How To Prepare For Your Child’s Education

Now that your baby’s born, here’s what to expect after expecting.


A new baby means exciting times ahead, and a new chapter for your family, but it also means new needs to prepare for, starting with baby bottles, diapers, and toys. For Amor Balagtas, Chief Marketing Officer of AXA Philippines, one of the largest life insurers in the country, parents of newborns should include “preparing for education” on their post-delivery lists, to give their money enough time to mature and sufficiently cover this need.

Here are her tips for new parents on securing their child’s education needs:

1. Determine how much you need to save—and commit to it. 
Preparing for a child’s education is similar to preparing a birth plan. “An education plan works the same way as a birth plan,” says Balagtas. “In the same way that parents have a good idea of whether they will deliver naturally or undergo a caesarian section, they should have a clear picture of their current financial status and how much they need to set aside regularly for their child’s education, and how much time they will need to allow their money to grow.”

With the help of a financial advisor and AXA’s Financial Needs Analysis (FNA) tool, parents can get a better estimate of how much they will need to set aside—and for how long. “The tool allows parents to develop a plan that fits their current income and their needs,” says Balagtas. “It can also take into consideration other future expenses, such as allowances, school supplies, or miscellaneous fees.”

Moreover, the tool also projects inflation rates and tuition increases, so it gives a greater imperative for parents to commit to longer-term planning. “Parents must realize that education is an investment,” Balagtas points out. “Quality tertiary education does not come cheap, and parents must be able to commit to the amounts that they must regularly set aside to prepare for their child’s education.”

2. Start saving now. 
Balagtas believes that the best time to save up for education is when a child is 0-6 years old. Saving up during a child’s early years will give parents a head start and help them avoid falling into debt because of rushed financial decisions.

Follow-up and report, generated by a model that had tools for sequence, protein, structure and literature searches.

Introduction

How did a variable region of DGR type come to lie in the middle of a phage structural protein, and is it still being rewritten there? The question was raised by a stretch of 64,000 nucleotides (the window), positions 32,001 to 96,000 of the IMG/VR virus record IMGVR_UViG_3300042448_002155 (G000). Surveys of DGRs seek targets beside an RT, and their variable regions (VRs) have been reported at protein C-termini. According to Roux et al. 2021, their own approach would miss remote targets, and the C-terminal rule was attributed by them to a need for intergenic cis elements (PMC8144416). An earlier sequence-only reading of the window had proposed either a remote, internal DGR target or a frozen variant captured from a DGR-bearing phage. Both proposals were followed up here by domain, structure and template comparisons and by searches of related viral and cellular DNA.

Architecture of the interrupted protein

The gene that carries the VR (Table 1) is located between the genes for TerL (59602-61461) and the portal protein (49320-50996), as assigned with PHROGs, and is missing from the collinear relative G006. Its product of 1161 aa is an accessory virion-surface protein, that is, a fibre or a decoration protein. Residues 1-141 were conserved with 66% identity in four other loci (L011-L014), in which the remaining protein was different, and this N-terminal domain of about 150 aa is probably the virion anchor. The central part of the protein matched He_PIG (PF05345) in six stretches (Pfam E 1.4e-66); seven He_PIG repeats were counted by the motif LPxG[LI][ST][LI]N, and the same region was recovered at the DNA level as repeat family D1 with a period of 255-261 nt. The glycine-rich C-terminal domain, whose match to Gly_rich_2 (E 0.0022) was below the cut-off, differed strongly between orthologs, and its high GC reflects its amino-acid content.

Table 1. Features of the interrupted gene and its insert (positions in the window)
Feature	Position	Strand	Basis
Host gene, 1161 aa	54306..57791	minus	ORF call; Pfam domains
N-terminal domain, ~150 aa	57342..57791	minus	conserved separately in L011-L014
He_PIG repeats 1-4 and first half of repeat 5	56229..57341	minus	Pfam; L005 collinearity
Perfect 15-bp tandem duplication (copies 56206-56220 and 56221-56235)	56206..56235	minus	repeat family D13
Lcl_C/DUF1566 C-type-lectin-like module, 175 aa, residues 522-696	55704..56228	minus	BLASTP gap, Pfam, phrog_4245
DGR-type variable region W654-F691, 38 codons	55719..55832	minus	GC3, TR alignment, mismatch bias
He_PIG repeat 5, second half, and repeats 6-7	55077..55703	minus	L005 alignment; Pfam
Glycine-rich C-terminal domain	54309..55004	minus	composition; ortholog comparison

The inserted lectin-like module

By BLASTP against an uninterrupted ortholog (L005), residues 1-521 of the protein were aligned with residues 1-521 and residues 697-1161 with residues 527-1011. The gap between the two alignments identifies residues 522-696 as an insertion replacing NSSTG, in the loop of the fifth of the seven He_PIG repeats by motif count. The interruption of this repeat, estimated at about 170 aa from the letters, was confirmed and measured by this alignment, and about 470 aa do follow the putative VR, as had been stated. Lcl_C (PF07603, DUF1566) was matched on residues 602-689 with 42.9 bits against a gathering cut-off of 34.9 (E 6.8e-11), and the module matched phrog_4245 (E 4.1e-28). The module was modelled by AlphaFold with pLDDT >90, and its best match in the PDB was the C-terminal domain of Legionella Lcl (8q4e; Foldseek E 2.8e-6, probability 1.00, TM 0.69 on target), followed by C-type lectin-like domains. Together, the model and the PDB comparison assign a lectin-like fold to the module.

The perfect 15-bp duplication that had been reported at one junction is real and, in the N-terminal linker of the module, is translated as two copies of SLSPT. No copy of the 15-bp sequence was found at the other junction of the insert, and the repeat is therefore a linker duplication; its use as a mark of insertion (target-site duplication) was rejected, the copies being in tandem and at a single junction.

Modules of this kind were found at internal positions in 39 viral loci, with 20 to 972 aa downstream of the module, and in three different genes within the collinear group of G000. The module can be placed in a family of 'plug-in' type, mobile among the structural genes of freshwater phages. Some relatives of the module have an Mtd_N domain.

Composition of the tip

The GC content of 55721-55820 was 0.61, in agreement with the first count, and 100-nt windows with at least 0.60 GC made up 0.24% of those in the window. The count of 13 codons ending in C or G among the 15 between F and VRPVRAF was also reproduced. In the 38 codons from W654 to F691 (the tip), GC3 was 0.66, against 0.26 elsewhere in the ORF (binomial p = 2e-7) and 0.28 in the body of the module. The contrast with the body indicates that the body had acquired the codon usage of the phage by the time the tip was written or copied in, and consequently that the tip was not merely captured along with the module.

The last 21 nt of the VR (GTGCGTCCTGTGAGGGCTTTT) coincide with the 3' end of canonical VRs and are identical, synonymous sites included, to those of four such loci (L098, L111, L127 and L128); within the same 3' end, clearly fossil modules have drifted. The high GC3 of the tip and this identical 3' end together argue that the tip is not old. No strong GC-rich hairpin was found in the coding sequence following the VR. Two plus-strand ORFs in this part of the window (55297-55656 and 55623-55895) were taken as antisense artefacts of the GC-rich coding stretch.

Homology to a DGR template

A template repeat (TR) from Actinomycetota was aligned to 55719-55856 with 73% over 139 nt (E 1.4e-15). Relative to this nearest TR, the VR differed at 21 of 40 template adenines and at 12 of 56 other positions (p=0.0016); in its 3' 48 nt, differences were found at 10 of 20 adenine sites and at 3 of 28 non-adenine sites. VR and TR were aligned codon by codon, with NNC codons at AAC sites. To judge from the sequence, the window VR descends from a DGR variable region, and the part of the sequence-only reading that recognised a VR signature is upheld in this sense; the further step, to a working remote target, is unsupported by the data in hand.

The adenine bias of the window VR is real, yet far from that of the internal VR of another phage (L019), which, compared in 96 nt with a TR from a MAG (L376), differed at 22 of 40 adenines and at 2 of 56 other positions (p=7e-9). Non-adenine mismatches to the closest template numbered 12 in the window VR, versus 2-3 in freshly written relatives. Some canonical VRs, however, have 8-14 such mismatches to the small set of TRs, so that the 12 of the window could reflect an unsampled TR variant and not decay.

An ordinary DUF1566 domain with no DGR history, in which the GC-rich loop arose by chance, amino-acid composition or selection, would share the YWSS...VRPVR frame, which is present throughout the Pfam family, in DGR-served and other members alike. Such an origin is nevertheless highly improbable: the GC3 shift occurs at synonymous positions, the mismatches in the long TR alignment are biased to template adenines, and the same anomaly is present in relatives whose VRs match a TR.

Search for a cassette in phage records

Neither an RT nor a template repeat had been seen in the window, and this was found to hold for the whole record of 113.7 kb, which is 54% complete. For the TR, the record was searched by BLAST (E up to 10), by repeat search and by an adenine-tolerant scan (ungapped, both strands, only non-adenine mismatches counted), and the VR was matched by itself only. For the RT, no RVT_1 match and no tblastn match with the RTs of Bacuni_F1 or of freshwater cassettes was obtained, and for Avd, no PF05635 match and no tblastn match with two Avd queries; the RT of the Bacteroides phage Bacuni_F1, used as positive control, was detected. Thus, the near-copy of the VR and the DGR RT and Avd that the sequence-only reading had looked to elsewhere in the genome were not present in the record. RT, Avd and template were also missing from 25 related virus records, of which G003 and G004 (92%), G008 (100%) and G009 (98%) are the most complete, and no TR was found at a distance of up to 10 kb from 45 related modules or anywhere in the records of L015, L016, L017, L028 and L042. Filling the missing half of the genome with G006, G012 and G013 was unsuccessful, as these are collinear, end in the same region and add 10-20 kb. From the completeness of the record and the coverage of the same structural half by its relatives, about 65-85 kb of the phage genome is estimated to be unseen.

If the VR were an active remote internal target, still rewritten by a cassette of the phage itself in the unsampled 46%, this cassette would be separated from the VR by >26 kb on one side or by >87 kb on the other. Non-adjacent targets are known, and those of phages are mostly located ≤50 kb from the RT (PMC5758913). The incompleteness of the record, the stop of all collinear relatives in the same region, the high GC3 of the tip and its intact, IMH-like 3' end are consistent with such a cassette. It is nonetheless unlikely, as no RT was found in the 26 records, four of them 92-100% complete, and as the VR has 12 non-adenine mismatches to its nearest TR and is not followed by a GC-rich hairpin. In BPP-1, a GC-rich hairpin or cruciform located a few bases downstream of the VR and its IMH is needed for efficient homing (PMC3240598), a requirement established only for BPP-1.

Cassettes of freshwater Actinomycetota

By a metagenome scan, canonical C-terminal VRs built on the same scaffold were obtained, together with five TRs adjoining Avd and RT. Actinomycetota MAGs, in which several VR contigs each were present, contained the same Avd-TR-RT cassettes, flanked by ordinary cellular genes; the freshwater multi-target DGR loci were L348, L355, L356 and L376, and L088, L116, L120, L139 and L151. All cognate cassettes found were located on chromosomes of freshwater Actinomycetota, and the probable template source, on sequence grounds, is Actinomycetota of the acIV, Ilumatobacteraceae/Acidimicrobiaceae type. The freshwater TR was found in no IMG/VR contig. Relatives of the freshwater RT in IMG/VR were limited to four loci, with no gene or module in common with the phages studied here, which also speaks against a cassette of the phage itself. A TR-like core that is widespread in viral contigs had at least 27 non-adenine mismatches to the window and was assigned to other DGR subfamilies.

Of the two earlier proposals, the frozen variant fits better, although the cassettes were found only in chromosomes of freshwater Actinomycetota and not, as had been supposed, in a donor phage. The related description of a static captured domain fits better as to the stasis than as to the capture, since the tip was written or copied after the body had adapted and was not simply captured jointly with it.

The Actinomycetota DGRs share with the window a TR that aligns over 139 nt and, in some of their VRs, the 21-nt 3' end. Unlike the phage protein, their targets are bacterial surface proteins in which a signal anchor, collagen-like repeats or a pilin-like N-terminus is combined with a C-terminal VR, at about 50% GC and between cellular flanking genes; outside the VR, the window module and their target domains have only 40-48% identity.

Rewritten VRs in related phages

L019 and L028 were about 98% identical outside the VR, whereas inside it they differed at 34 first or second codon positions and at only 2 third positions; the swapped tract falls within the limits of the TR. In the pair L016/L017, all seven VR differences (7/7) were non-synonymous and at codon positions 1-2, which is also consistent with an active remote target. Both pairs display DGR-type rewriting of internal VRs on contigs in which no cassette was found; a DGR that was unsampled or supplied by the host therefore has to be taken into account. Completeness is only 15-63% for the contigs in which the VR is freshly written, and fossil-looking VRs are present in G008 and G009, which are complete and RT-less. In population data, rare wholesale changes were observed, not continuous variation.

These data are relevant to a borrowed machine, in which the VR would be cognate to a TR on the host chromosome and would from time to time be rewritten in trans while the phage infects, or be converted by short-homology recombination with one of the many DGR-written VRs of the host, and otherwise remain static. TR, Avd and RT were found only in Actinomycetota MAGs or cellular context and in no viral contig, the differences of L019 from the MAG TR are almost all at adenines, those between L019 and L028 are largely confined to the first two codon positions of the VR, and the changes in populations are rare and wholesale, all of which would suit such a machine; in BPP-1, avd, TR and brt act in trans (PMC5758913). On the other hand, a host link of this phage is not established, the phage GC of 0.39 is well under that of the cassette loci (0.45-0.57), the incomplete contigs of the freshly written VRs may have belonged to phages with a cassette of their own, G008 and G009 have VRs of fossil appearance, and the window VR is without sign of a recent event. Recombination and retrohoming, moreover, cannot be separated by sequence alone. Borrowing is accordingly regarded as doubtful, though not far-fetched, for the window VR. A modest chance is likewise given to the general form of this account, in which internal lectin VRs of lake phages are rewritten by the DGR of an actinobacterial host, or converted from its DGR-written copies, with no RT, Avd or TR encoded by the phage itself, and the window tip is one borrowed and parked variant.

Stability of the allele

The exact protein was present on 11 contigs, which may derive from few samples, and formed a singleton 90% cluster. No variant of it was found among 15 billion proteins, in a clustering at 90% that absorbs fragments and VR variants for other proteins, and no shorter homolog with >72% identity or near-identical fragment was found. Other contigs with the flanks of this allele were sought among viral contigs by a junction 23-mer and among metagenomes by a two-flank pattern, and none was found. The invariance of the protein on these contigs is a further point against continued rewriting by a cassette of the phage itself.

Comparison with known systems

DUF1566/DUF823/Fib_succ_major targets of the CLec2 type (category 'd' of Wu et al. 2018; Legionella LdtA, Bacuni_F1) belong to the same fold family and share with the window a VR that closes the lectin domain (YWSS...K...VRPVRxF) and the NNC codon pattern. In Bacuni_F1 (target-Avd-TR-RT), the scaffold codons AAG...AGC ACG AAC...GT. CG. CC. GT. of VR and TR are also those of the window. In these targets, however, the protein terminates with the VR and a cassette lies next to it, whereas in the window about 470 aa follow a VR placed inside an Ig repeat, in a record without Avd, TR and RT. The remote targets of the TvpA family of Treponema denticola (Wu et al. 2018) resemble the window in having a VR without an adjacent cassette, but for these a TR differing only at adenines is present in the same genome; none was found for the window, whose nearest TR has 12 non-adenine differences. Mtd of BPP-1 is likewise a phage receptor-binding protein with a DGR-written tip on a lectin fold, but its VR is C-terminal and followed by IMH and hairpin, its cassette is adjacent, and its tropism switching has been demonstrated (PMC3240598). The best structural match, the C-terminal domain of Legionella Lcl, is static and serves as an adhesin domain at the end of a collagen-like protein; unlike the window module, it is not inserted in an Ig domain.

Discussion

“The cost of college 10 to 15 years from now can be as high as P2.5 million for four years of college,” says Balagtas. “If you start saving up now, you can rest easy knowing that you have something tucked away when you need it.”

Life insurance companies offer variable unit-linked (VUL) products, where a portion of the premiums is invested in bonds or equities, which provide faster, more aggressive growth as opposed to bank deposits or traditional life insurance plans. These plans are also affordable for as low as P1, 500-P4, 500 per month. Other plans offer a combination of VUL with riders or add-ons, which give your children a contingency education fund in the event of a parent’s untimely demise.

3. For a child’s baptism or first Christmas, consider a start-up fund for education. 
If your child’s ninongs and ninangs have asked for gift ideas, why not suggest a pool for the first year of your child’s education plan? 

It will take some planning, and some help from the parents, but this can be done. “The best gift that could be given to a child is the gift of education,” Balagtas says. “Having a plan that would secure a child’s future education needs is a concrete way for parents and godparents to ensure that a child would reach his or her full potential.”

4. Don’t be afraid to research schools and ask friends and family about their experiences. 
Balagtas assures that parents have enough time to start saving. One of the things that can help them as they plan for their child’s education is to call or visit schools and talk to them about their fees and other related expenses. 

“Parents can use current tuition and miscellaneous fees as a starting point,” she explains. “They can find out the kind of education that they would be getting for the amount that they would pay, and from there, they can decide the best possible option for their child.”

Balagtas adds that researching for schools can help parents identify various payment methods and schemes in their dream schools, which may also be factored in their planning process. Starting contact with schools may also turn into invitations for summer programs and open houses, which could reveal a child’s talents and interests and potential expenses, which parents would also have to consider. 

Planning for your child’s education is as important a milestone as his baptism or his first birthday. With research and proper financial education, securing your child’s education can be as easy as his ABCs and 123s. 

To learn more about AXA Philippines’ education solutions, visit www.axa.com.ph or www.facebook.com/FailProofYourFuture.

Image from sheknows.com

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